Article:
Writing about what happened on the night of June 13 and on the morning of the 14th is certainly a challenge, not only because the Lower House voting to approve the bill to decriminalize and legalize abortion is a historical event of massive proportions, but also because much of what was experienced outside Congress last night was so visceral. By that I mean that every emotion was so vividly felt in our body: the freezing cold, the nail-biting anxiety, the thousands of people surrounding us and make it hard for anyone to move.
But let’s start from the beginning. Preparations began in the early hours of Wednesday, before any of the tens of thousands of people (or more) who would show up at Congress later was awake. Although in all fairness, chances are many of them probably were awake; many of us have had trouble sleeping in the days leading up to the vote. What was at stake was, after all, the possibility of conquering the first step toward the right to govern our own bodies, something that has been a major concern for feminism in this country for generations. This particular bill had been tabled seven times since 2007, and June 13 felt as good a day as any to make this bill move closer to becoming a law.
It wasn’t long before the streets were filled with green. Women and men of all ages showed up in droves to show their support for legal, safe, and free abortion. The square in front of Congress had been divided into two to avoid confrontations, and aerial photo coverage of the evening showed a very literally separated country. On the side of Avenida Rivadavia were the glittered-up faces of thousands and thousands activists claiming for the legalization of abortion. To the south of the Congress were those who were, in their own words, “defending life.” It is worth noticing that this label is a sinister linguistic tactic that partly succeeded. Many of the people present – and 125 lawmakers in the Lower House, we would find out the next morning – equate a zygote with fully formed human person and believe that, on top of it, it is worth more than the lives of the hundreds of women that die in clandestine abortions every year.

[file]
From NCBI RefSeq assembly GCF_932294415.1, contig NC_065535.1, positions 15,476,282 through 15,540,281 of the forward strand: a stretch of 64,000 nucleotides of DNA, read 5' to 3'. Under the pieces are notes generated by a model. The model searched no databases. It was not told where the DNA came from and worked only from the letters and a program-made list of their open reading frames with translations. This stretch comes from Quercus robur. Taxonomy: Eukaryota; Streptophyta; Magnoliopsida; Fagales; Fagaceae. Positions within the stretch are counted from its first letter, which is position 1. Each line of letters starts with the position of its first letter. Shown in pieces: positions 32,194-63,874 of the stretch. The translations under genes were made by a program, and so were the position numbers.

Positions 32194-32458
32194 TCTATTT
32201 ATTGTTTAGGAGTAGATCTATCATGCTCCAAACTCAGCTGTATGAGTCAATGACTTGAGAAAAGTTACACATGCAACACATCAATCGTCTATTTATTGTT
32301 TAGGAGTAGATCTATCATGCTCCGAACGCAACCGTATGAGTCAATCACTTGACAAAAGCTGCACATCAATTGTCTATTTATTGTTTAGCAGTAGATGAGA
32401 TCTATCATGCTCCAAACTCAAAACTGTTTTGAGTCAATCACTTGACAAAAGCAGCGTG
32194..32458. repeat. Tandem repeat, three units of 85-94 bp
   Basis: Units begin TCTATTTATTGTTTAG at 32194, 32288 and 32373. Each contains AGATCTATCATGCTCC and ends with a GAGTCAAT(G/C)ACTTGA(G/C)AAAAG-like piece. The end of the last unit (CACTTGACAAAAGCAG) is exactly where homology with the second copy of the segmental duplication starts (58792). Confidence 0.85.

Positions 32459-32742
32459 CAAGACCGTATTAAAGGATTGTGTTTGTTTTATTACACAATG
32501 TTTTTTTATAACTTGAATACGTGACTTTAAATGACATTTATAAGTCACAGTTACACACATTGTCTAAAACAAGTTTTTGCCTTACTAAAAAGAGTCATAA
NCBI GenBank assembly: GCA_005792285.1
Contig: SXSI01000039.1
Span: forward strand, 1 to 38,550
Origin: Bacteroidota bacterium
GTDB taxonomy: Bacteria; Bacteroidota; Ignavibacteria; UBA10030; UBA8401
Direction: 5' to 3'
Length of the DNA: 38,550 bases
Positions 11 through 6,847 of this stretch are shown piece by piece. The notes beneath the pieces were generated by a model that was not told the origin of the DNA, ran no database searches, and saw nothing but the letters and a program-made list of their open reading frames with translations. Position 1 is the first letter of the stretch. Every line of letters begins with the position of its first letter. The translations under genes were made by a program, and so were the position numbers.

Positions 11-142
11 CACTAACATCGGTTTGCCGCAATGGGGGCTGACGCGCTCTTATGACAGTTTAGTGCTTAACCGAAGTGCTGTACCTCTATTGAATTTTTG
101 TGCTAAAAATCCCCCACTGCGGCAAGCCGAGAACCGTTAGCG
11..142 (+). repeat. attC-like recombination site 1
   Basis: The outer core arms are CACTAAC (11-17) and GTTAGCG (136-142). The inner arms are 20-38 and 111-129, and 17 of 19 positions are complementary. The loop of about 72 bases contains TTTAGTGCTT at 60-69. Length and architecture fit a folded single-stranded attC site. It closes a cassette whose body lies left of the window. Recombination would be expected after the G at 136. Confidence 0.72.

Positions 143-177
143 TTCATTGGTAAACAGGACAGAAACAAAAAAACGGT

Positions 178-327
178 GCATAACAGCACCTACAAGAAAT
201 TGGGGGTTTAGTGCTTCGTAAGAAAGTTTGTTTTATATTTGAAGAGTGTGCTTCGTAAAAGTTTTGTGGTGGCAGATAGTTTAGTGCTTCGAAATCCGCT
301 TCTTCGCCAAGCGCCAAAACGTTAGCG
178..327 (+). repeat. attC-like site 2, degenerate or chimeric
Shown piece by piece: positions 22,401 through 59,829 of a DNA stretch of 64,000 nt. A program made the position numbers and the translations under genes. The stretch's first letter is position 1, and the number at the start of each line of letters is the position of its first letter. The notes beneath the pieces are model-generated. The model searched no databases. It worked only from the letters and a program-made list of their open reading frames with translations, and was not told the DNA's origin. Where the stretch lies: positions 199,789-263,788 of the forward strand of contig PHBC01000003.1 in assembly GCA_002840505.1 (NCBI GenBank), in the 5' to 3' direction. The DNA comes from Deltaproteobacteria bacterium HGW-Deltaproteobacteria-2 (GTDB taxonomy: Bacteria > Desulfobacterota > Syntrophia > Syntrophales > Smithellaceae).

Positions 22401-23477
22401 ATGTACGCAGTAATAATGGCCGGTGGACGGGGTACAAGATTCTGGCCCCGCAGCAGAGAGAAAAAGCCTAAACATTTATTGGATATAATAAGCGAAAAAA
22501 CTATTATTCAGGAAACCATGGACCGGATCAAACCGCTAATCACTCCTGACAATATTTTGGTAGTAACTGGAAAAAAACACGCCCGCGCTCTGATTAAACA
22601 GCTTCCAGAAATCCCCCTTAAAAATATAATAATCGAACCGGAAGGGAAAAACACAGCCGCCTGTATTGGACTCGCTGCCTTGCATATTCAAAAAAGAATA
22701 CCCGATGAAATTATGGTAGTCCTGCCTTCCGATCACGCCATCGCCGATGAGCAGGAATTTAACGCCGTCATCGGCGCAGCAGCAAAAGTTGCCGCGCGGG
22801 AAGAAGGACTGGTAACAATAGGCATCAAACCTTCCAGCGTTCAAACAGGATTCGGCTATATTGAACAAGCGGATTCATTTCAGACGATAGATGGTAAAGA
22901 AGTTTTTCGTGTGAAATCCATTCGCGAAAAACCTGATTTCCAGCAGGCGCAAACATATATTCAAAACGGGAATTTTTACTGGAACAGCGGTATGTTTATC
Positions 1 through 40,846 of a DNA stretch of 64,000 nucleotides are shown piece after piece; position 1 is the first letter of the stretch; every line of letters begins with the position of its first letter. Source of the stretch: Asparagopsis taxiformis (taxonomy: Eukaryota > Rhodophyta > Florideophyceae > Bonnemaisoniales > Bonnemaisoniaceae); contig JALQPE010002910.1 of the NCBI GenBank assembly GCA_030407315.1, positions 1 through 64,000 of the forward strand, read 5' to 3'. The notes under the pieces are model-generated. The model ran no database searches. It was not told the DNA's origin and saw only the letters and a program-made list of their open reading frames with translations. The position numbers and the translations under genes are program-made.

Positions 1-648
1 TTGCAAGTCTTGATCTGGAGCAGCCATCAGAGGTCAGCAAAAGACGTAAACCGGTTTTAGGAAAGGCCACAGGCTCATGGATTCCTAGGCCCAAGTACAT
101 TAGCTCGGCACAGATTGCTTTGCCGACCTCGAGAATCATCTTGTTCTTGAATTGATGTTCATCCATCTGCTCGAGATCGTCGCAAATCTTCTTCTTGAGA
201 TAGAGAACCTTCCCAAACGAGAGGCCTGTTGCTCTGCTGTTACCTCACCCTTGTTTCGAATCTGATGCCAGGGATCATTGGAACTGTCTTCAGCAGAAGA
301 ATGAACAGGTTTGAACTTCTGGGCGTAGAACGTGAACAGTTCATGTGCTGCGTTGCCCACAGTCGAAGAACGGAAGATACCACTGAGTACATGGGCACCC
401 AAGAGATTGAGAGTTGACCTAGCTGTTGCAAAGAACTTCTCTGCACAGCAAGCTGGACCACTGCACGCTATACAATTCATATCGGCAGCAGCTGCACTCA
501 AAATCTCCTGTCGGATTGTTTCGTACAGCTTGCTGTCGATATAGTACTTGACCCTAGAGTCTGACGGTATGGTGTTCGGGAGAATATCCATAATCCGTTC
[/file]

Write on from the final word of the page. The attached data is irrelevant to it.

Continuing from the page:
Perhaps one of the reasons why the debate was so long and arduous was because the two sides were having two different conversations. Yours truly took the bullet for you, and decided to go on an exploratory mission to the uncharted waters of the pro-lifers, as a sort of anthropological experiment. You know how it goes: “Know thy enemy.” The manifestation was much smaller than that on the other side of Rivadavia, but it was still respectable in terms of numbers; not so in terms of arguments. There were many things worth noting and retelling. Viviana Canosa performing a live ultrasound – and revealing a fetus that was at least 20 weeks old, 6 weeks beyond than what the law would allow for the termination of that pregnancy – is, perhaps, the most bizarre of all events. I would’ve felt like I was in The Handmaid’s Tale if it hadn’t been for the playing on loop of the song “Vivir mi vida” while the session in the Lower House was muted in the background; that made me feel like I was at a fiesta de quince and reminded me that if I had come to this side looking for valid reasons to change my mind, I wasn’t going to find them.
Inside Congress, we were being compared to dogs and marsupials. On the streets, religious groups were shouting “viva Cristo rey” and saying that if one of the two lives had to die, let it be the mother – as if the embryo could live outside the womb. But what struck me the most out of all the barbarities I heard that day and in the last few weeks during the sessions held at the Lower House was a man who, when interviewed by a local newspaper, said that those of us on the other side of the fence didn’t know how to love.